The prolific and outspoken novelist of The Naked and the Dead was 84

By Alex Tresniowski
Updated November 10, 2007 12:00 PM
Leonhard Foeger/ Reuters/ Landov

Norman Mailer, perhaps the most towering figure in 20th-century American literature, died today of acute renal failure at Mount Sinai Hospital in New York City at the age of 84, his literary executor said.

Boldly creative and defiantly original to the end, he published two books this year, one about Hitler and one about God, to cap a prodigious six-decade literary career. Mailer barreled his way through a life that was at least as dramatic and scandalous as that of any character in his 10 novels.

He fought in a war and hung out with hippies; he acted, directed and produced several films; he ran for mayor of New York City; he brawled with men and women alike; he befriended killers and bashed presidents; he wrote some of the seminal works of the past century, including 1948’s The Naked and the Dead, the World War II novel that made him famous, and 1979’s spare and powerful The Executioner’s Song, which won him one of his two Pulitzer Prizes.

Indeed, Mailer clearly relished his role as a front-line chronicler of the American experience, allowing the torrent of history to sweep from one adventure to the next, fearlessly embracing risk and endlessly indulging his obsessions with manhood and mortality. His legacy will reflect an admittedly Promethean ego and ruthless faith in his own intellect – as much as it will his accomplishments as perhaps the most ambitious and least compromising author of his time.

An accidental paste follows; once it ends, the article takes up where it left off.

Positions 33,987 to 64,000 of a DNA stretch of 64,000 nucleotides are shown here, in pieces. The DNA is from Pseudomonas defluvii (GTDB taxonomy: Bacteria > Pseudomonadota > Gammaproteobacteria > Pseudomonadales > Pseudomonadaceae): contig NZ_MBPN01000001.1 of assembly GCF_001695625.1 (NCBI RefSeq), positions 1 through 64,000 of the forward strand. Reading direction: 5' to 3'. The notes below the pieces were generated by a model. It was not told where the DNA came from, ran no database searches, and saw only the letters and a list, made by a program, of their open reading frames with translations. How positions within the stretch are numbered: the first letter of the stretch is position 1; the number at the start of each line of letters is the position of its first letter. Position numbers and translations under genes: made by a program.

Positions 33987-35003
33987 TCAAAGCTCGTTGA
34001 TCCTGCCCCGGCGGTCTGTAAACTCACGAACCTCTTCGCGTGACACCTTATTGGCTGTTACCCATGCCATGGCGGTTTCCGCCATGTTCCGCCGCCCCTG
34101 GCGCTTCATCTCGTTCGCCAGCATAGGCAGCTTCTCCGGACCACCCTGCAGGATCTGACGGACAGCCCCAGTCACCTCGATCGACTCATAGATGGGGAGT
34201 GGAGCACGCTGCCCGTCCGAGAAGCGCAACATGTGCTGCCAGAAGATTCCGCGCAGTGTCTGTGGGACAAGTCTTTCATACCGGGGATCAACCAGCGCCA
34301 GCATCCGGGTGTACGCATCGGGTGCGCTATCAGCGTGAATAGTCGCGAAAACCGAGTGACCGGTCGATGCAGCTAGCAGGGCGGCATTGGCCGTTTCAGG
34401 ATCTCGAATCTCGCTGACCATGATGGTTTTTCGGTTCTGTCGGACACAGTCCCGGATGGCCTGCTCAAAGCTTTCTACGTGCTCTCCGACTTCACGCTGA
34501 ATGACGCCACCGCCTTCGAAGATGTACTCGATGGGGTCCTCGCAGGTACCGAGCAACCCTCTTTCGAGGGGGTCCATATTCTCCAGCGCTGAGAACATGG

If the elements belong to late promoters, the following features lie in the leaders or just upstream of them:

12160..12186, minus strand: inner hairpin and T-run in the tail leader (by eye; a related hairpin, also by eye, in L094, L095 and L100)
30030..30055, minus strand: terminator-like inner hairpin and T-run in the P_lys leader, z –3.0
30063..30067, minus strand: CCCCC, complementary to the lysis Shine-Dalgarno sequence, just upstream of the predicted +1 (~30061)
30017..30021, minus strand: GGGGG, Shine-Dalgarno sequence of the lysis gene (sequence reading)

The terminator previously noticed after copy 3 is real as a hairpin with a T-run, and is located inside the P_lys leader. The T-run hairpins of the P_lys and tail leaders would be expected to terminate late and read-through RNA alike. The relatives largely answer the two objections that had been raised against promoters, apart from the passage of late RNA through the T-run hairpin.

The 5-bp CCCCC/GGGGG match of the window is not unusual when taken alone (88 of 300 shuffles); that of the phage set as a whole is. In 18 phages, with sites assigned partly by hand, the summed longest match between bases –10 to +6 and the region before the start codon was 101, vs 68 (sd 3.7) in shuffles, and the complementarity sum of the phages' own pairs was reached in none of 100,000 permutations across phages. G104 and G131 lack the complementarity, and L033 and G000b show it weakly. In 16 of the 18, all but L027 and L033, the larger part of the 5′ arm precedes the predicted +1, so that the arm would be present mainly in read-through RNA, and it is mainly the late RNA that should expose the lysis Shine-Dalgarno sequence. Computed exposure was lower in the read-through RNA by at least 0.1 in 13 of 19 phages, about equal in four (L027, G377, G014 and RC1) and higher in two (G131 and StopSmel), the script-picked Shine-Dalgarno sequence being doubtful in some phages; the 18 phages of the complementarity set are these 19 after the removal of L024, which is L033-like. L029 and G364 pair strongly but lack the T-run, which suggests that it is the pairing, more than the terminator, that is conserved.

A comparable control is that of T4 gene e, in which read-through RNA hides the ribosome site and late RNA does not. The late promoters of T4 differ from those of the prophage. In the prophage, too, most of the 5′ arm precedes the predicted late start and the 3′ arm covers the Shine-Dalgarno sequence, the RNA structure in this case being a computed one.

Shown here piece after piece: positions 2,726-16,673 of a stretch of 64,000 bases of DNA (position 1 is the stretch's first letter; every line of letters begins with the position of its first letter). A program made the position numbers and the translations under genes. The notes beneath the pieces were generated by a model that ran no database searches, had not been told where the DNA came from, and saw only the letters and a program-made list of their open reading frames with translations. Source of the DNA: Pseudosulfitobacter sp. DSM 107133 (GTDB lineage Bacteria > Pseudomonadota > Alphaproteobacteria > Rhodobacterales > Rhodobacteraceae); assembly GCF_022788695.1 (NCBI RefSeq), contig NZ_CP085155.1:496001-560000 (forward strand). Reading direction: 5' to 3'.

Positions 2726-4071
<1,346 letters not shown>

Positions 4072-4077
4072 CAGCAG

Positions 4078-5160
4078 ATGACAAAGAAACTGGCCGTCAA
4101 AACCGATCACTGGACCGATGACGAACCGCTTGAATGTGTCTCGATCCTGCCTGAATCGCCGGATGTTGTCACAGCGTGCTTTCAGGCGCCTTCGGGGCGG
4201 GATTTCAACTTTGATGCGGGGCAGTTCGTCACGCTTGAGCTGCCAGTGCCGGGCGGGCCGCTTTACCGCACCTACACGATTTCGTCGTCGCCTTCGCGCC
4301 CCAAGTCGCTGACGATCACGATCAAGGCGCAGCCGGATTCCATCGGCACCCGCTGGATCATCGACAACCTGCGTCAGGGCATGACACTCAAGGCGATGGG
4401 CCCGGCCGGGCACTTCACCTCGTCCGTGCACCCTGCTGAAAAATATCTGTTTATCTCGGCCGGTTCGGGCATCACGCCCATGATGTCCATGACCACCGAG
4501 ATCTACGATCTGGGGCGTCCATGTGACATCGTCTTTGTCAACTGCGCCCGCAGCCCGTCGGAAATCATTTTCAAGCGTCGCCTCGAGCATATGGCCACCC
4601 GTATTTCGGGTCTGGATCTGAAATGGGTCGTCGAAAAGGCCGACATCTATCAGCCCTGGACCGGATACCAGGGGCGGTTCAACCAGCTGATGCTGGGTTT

Mailer was born in Long Branch, N.J., on Jan. 31, 1923. His father was an accountant and his mother ran a housekeeping and nursing agency. He grew up in Brooklyn and studied aeronautical engineering at Harvard before serving as an infantryman in the South Pacific during World War II. His experiences there were the basis for The Naked and the Dead, which launched his parallel careers as a daring, important writer and a charismatic celebrity.

Besides The Executioner’s Song, which told the story of the death of killer Gary Gilmore, Mailer would never again receive as warm an embrace from critics as he did during his early years as a writer; some of his later, lengthy works, such as Ancient Evenings, would be panned as staggeringly self-indulgent. But that hardly seemed to matter: By the time he was 40, Mailer had already secured his colossal reputation by helping create an art form, “new journalism,” which espoused tough, personal reporting and a blurring of the lines between story and storyteller.

He was not short on ego, but he made the whole enterprise seem delightful, his fellow new journalist, Tom Wolfe, told CNN after Mailer’s death. “He was a tremendous source of energy in the whole literary world, he was a motor, a generator.”

Mailer was married six times and had nine children, one of them adopted. He spent much of his later life in an Oceanside home in Provincetown, Mass.